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Corn prices up slightly, but don’t expect it to last

More cuts to U.S. crop estimates have triggered an uptick in prices, but economists say corn prices seem likely to take a tumble.

Corn Field Harvest In Agriculture
egubisch |

Economists say corn prices are poised to take a tumble in 2023; soybean prices less certain

The coming year may finally give feed producers a break from soaring corn prices.

Prices for corn and soybeans ticked slightly upward last week after the U.S. Department of Agriculture (USDA) released a report making further cuts to the estimated size of the 2022 harvest. But while global markets seem focused on the size of the U.S. crop, economists and traders are paying attention to what is shaping up to be a significant loss of global demand for corn.

The USDA cut expected exports of the 2022 crop from the U.S. by 150 million bushels in its January World Agricultural Supply and Demand Estimates, after several months of declining exports. The USDA’s corn export forecast is now the second lowest issued in the past six years, according to James Mintert, director of the Center for Commercial Agriculture at Purdue University. Incomplete sales are falling to even lower levels, he said in a January 13 podcast, which could bring the USDA’s estimates even lower.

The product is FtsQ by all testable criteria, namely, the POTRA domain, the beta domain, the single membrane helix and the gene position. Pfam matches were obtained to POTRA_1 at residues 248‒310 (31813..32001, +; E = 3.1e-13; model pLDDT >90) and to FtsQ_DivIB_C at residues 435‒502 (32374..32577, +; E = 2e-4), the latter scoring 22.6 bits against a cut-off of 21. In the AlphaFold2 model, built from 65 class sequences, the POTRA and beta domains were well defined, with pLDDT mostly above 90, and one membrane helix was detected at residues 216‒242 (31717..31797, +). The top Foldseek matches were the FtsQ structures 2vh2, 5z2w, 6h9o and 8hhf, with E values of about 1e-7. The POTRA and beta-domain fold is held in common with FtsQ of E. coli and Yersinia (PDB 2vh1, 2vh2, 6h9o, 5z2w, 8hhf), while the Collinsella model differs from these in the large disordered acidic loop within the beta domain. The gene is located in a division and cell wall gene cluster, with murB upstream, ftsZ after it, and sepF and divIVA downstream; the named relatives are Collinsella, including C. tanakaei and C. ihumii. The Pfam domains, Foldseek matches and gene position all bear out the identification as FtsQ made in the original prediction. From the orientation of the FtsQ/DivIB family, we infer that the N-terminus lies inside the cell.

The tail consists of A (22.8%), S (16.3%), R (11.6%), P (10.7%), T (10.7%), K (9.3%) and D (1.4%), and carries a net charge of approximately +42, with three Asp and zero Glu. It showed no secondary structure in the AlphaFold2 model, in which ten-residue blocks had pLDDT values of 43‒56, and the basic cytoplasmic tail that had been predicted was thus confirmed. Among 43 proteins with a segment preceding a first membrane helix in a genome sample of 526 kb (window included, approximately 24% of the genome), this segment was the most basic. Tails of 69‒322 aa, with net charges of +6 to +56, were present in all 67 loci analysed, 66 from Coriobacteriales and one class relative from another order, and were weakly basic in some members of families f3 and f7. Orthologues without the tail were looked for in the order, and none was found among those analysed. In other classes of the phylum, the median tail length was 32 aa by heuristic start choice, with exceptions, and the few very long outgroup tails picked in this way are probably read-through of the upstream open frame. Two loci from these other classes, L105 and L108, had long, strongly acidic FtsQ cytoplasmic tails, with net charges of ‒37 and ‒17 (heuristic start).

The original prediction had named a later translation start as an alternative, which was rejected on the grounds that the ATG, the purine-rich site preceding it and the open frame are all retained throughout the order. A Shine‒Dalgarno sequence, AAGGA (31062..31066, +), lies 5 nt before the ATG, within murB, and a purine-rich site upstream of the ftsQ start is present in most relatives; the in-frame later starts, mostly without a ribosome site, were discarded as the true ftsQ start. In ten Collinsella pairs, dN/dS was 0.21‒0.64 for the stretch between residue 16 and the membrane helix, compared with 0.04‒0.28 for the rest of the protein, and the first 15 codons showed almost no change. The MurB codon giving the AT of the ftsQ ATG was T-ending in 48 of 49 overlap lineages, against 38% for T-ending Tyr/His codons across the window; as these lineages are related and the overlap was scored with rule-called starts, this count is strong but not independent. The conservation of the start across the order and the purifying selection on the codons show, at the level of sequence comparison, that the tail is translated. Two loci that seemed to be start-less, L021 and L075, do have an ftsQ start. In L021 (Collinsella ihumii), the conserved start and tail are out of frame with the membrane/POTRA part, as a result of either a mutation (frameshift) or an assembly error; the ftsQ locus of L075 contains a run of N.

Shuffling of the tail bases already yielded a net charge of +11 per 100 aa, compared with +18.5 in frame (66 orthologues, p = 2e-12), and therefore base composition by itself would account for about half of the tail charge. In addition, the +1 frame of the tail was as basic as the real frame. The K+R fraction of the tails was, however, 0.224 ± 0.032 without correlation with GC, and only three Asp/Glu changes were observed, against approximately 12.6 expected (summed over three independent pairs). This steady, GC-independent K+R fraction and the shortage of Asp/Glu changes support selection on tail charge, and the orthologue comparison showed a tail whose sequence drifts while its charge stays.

Although December 2023 corn futures were selling for US$5.98 per bushel as of Friday morning, Mintert said he believes there is a good chance corn could fall below US$5 before then.

Soybean prices are a different story. Although December 2023 futures for soybeans sat at US$13.91 per bushel on Friday morning, Nathan Thompson, a professor of agricultural economics at Purdue University, said soybeans could realize a wide range of potential prices in the coming year. He said there were equal chances of soybean prices falling below US$12.40 per bushel or rising as high as US$15.33.

The different projections for the two key crops led Emily French, founder of the Global Ag Protein brokerage, to question the logic of USDA’s projections. Speaking to the U.S. Soybean Export Council on January 12, she said she found it improbable that demand for corn and other commodities like wheat would fall so dramatically in the coming year while soybeans remain unscathed.

“If someone has an answer [for how this could happen] I would love to hear it,” French said. “Am I the only person who looks at this and it just doesn’t add up?”

Mintert, however, saw a possible explanation. The difference, he said, seems to be tied to demand for soybean oil, driven by an expansion of biofuel production that is expected in response to U.S. climate policy. It remains to be seen whether the expansion will unfold as envisioned, but if it does, it could usher in a new paradigm for U.S. agriculture.

“We could see a scenario that … winds up pushing much more of a soybean environment,” he said. “A continuous soybean environment or at least multiyear soybeans.”

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